conventional value for a dotted note

Hello Dorico,
I was perusing the Bach’s Fugue in D Major BWV 850 where at measure 3 there is a peculiar rhythmic figuration, there is a dotted quaver followed by three demisemiquavers (32 notes), and here, according to baroque convention, the dotted quaver has the value of 1 eighth note + 1 thirty-second note.
I have seen modern transcription where the eighth note is tied to a thirty-second note.
Anyway, is it possible to force Dorico’s precise hand and obtain this particular figuration?

I have found a reference for the fugue at this link
https://jplecaudey.com/analyse-musicale/bwv-850-fuga-v-in-d-dur-1er-livre/

Yes, with a 6:5 tuplet:
(in note input mode, caret showing):

  1. press 3 for demisemiquavers/32nds
  2. press ; for tuplet, then type 6:5, enter
  3. press 5 and . for a dotted quaver/8th within the tuplet
  4. enter note
  5. press shift-; (i.e. colon) to end tuplet
  6. press 3 for 32nds, enter 3 notes

Schermafbeelding 2020-12-02 om 22.25.32.png

I ‘sight read’ two keys in scales/arpeggios/WTC every morning as my warmup (practically have them memorized now so it’s not really sight reading anymore). I use the Alfred Masterworks edition by Willard Palmer, which is the best I found at being a true Urtext and performance edition (it’s comb bind!)

It’s conventionally notated as a regular dotted eighth and sixteenth (dotted quaver and semiquaver). The notation PjotrB has above is in ancillary staves above the figures as an alternative, with this note

NB) The performance of this fugue with “overdotting” throughout, suggested by Arnold Dolmetsch, as indicated in the staffs in light print, is controversial.

Further there is a note in the second bar, bass second beat

"In the manuscript of Anna Magdalena Bach (P202), there are alignment lines here and in many subsequent measures … since it is not known when or by whoem these lines were added, they do not contribute important evidence that over-dotting should not be used

And later they note that doing the overdotting in one voice (bass, third beat of bar 9) against sixteenths (semiquavers) in the treble is extremely controversial, though some artists do it. Anyhow it appears these are problematic and best avoided unless you’re a top drawer performer preparing this for performance.

There is nothing controversial about the fact that in the 18th century, rhythm dots were never considered to be “mathematically accurate” rhythmic notation.

Converting all the single dot rhythms to double with mathematical precision is as anachronistic as playing them all as exact single dots.

Thank you for being so detailed, I am new to Dorico so all the passages are more than welcome. I thought there there was a sort of override for note input value, as in “I write these values but I mean these other values”.

Ops, I never thought to raise the question of the “overdotting syndrome”!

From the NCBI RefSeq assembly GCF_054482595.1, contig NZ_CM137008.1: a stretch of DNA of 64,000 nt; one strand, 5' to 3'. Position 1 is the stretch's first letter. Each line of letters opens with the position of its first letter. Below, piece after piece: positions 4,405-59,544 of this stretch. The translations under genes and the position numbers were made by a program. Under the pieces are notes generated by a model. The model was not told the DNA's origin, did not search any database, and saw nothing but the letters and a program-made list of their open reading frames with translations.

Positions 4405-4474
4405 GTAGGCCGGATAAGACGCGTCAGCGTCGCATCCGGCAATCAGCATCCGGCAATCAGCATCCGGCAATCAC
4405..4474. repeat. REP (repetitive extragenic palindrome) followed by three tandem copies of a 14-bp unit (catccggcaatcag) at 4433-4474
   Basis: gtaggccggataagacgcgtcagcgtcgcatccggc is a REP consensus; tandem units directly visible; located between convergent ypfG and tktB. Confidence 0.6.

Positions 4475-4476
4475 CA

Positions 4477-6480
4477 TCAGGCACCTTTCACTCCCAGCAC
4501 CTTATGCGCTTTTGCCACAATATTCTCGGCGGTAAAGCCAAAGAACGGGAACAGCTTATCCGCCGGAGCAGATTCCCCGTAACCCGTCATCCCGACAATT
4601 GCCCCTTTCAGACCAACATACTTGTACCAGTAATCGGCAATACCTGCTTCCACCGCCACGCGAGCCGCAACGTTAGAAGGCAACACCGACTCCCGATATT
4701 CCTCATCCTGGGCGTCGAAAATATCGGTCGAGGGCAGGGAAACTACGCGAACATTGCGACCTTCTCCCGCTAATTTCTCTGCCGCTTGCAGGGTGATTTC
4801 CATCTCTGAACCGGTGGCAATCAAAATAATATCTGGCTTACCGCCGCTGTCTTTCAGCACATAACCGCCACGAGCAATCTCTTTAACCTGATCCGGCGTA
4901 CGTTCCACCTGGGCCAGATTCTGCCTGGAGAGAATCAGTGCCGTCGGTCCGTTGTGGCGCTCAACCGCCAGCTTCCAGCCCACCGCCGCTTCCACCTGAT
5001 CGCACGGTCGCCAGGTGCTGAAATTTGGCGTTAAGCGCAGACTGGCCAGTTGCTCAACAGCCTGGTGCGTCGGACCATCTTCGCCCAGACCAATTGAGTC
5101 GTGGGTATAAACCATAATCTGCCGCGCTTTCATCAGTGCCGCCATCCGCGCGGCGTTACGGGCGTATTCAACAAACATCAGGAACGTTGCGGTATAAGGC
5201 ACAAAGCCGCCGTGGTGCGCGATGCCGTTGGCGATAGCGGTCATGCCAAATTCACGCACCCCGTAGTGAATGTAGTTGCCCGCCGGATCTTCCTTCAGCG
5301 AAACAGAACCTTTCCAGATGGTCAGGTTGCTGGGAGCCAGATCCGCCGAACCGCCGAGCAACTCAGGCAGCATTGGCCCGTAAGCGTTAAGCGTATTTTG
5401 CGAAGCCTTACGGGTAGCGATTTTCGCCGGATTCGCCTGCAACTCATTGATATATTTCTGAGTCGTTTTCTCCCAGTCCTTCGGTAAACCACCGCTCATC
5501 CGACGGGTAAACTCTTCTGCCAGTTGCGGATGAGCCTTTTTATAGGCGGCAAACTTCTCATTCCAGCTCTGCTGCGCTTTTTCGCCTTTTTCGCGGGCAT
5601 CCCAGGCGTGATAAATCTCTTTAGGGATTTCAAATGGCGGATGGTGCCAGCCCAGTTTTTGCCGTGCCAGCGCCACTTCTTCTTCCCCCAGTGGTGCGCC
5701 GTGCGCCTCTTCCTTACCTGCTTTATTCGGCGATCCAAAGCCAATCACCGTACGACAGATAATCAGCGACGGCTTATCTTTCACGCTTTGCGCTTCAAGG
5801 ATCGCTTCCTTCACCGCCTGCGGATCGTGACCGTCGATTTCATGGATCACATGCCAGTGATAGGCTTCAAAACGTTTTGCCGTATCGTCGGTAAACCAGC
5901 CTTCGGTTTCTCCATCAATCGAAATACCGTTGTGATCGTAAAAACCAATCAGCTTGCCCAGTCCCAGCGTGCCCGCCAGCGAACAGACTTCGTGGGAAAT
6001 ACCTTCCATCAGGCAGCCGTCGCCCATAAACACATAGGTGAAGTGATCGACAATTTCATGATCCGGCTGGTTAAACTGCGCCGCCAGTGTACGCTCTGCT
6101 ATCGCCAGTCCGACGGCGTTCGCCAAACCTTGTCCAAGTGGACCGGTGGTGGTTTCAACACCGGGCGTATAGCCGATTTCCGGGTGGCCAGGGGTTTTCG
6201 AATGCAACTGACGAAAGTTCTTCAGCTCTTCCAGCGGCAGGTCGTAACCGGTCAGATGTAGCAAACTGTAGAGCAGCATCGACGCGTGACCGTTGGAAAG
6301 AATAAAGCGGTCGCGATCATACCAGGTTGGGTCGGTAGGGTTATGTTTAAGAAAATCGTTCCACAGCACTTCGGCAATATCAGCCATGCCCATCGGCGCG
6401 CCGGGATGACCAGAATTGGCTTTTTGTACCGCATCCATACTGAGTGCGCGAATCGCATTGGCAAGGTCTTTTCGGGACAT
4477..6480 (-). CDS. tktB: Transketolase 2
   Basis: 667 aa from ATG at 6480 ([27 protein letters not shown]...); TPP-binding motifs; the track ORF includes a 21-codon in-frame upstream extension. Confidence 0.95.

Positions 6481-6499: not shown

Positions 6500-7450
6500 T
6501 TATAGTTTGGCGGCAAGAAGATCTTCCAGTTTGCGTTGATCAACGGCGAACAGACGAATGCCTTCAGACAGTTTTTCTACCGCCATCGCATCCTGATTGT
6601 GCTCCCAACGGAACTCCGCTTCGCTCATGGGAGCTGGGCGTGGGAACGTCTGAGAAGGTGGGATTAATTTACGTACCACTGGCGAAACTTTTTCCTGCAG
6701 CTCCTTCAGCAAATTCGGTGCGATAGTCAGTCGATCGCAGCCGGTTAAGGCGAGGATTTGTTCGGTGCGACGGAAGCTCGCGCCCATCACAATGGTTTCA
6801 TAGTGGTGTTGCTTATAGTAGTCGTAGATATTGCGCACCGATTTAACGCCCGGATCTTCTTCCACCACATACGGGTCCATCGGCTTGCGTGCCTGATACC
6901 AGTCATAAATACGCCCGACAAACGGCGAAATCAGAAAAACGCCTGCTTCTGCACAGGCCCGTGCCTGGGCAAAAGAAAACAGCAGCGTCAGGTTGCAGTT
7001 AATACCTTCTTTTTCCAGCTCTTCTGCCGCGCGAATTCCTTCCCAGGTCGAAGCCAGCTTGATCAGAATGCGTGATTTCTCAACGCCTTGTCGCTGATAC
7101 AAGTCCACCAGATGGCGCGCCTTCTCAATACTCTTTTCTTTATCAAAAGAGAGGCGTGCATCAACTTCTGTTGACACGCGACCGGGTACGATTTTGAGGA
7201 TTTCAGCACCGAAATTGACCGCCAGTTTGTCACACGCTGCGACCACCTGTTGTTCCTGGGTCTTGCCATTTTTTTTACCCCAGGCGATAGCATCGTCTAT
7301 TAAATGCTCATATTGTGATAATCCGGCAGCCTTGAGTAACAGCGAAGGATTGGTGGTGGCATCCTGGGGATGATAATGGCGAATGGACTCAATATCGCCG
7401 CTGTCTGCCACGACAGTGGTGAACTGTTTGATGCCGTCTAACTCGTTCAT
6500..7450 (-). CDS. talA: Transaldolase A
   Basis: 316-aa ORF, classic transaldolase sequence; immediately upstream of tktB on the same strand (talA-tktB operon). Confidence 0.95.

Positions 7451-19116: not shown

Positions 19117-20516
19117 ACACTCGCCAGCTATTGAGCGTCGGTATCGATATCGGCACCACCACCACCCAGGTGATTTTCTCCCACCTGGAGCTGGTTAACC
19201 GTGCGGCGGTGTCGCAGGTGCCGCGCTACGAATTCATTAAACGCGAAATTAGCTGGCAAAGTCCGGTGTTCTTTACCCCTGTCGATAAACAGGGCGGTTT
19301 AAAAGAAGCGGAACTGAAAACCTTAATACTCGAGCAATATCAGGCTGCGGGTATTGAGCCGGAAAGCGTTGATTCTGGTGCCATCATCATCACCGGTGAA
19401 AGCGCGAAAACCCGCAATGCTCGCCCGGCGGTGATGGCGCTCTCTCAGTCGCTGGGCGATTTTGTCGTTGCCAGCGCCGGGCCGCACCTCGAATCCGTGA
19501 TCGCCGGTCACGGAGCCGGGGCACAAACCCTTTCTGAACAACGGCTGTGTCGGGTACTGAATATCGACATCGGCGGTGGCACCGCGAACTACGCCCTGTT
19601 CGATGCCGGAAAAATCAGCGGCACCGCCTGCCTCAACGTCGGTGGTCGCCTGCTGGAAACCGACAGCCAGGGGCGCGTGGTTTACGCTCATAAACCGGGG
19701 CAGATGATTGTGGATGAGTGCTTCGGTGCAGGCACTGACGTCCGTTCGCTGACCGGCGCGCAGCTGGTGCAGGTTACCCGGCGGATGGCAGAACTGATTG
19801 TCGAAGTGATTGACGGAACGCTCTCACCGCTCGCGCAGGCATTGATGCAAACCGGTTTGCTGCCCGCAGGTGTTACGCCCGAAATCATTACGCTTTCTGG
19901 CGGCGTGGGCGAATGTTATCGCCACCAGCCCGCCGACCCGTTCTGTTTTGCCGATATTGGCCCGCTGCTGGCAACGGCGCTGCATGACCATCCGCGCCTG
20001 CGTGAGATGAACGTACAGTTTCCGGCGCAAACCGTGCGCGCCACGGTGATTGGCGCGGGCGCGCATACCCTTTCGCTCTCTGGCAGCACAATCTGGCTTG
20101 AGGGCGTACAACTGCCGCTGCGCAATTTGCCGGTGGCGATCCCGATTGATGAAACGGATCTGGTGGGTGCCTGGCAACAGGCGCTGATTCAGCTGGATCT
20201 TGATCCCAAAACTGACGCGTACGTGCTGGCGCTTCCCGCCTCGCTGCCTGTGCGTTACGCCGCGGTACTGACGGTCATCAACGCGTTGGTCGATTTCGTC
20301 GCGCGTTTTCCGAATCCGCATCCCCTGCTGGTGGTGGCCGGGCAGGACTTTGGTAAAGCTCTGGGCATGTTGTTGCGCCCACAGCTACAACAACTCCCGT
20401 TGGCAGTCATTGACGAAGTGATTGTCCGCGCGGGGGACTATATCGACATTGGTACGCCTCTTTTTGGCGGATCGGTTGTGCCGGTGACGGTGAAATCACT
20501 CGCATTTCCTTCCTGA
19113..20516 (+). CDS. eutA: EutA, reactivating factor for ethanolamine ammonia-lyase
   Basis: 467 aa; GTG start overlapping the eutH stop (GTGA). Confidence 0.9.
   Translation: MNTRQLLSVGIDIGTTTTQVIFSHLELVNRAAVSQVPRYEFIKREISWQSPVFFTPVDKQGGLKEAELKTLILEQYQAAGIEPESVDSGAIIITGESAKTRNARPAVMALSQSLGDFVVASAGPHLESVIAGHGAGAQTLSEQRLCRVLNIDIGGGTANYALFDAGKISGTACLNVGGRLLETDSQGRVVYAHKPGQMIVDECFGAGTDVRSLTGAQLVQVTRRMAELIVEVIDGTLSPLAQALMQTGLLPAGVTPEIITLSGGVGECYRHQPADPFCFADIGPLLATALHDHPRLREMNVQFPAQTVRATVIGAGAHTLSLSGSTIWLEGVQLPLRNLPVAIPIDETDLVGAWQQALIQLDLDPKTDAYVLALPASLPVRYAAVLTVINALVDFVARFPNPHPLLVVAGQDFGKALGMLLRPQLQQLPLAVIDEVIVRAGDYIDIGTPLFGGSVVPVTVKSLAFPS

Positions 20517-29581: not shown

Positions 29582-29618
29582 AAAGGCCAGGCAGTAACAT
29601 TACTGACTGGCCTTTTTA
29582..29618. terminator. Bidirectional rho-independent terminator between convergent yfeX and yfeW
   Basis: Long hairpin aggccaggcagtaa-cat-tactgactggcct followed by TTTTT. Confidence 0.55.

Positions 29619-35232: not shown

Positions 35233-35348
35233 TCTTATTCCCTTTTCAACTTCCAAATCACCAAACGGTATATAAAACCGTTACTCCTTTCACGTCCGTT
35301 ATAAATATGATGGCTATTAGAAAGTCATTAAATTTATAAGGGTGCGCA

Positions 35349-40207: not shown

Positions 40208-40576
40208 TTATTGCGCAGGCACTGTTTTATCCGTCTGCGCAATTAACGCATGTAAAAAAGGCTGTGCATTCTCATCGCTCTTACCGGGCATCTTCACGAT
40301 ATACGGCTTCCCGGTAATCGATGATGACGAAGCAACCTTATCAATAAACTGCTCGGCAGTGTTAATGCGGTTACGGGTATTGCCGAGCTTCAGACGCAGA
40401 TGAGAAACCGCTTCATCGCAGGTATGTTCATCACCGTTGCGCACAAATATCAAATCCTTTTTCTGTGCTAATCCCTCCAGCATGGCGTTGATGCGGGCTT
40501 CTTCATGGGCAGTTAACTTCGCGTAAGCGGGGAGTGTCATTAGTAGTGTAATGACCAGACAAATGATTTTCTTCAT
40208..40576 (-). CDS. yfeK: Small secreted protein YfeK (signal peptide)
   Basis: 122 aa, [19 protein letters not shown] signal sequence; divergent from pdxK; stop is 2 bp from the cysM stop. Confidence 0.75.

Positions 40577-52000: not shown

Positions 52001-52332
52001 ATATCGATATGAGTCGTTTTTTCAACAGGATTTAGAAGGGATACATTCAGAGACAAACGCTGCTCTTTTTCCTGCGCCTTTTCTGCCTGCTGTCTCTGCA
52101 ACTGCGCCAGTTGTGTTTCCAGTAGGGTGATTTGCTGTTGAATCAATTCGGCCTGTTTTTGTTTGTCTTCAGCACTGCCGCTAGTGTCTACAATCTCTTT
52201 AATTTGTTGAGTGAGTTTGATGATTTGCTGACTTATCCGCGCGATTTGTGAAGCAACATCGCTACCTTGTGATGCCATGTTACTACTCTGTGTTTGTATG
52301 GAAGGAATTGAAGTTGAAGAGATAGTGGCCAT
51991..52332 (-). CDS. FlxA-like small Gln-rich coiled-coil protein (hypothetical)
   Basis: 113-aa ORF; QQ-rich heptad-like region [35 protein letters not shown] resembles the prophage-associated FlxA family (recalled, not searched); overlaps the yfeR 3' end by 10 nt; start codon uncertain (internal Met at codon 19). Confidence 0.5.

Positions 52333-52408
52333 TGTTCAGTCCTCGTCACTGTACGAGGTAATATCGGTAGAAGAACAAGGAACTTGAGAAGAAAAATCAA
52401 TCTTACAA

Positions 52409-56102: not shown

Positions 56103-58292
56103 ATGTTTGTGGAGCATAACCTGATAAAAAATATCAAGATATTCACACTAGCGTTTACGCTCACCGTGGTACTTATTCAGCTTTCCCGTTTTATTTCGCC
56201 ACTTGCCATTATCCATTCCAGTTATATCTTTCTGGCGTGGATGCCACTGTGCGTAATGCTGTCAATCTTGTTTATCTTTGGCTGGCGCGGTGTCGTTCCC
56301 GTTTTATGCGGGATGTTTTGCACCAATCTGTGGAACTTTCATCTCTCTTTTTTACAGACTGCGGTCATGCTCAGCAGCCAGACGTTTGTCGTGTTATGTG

I was more concerned in having forcing Dorico to write what I want baffling its mathematical heart and mind. Will Dorico learn some exceptions?
Here a couple of consideration.

https://www.organduo.lt/home/what-is-overdotting
https://www.jstor.org/stable/742100?seq=1

Peter gave you the (hidden) tuplet solution to your problem. I doubt you will see Dorico supply a built-in, one-click panacea to what is pretty much a niche situation any time soon.

If you have a number of these overdotting situations, you may be able to save time by copy/pasting the rhythm and then using Lock Duration to repitch the notes involved.

I guess Bach hardly realised that he was actually ‘misusing’ the dot for extending the quaver/8th with 1/4 of its value, instead of 1/2. The dot is just ‘a lengthening’, at least on a small scale within a beat. It could as well indicate overdotting, depending on style and context. Nowadays we are taught (and Dorico assumes) that a dot makes a note exactly 1.5 times as long, and some of us find the baroque notation incorrect or confusing, which, frankly, it isn’t. I don’t mind tricking Dorico to treat a dotted quaver as 1.25 its undotted value by means of a hidden tuplet, because it doesn’t even feel like a messy or clumsy workaround: the note has its exact right value now, it looks right, and will play back perfectly.

On a related note :wink: : dotted quaver + semiquaver was often used to indicate a triplet, depending on context. It’s a nice puzzle to construct such a thing in Dorico, if you want to have it play back as a triplet as well… But Dorico will not blink, it has perfect tools for that.
dotted_quaver_triplet.dorico.zip (381 KB)

Thank you! I feel we all need more baroque swinging style in our modern life. Anyway I am new to Dorico, having a bit of a problem to play your file since I do not have note performer (studying how to reroute audio, by the way is it any good? Dorico audio seems so much better than “the other program”).

If you do not have NotePerformer (NP), you can set the HALion Template in Play to assign your sounds to listen to the file–or you can try out the NP demo file to see if you like it.

It is a worthwhile investment for not much money and can be “rent-to-buy” on a monthly basis.
https://www.noteperformer.com/

Of course, for this tiny example file, the use of NotePerformer is totally unimportant, sorry for not resetting the piano sound to a simple default. But Derrek is right, NotePerformer is remarkably good for its modest price, and excellent for someone (like me) who just wants hassle-free playback. I don’t bother about DAW functionality. I use playback mainly for checking my input, not for highly fine-tuned realistic mock-ups.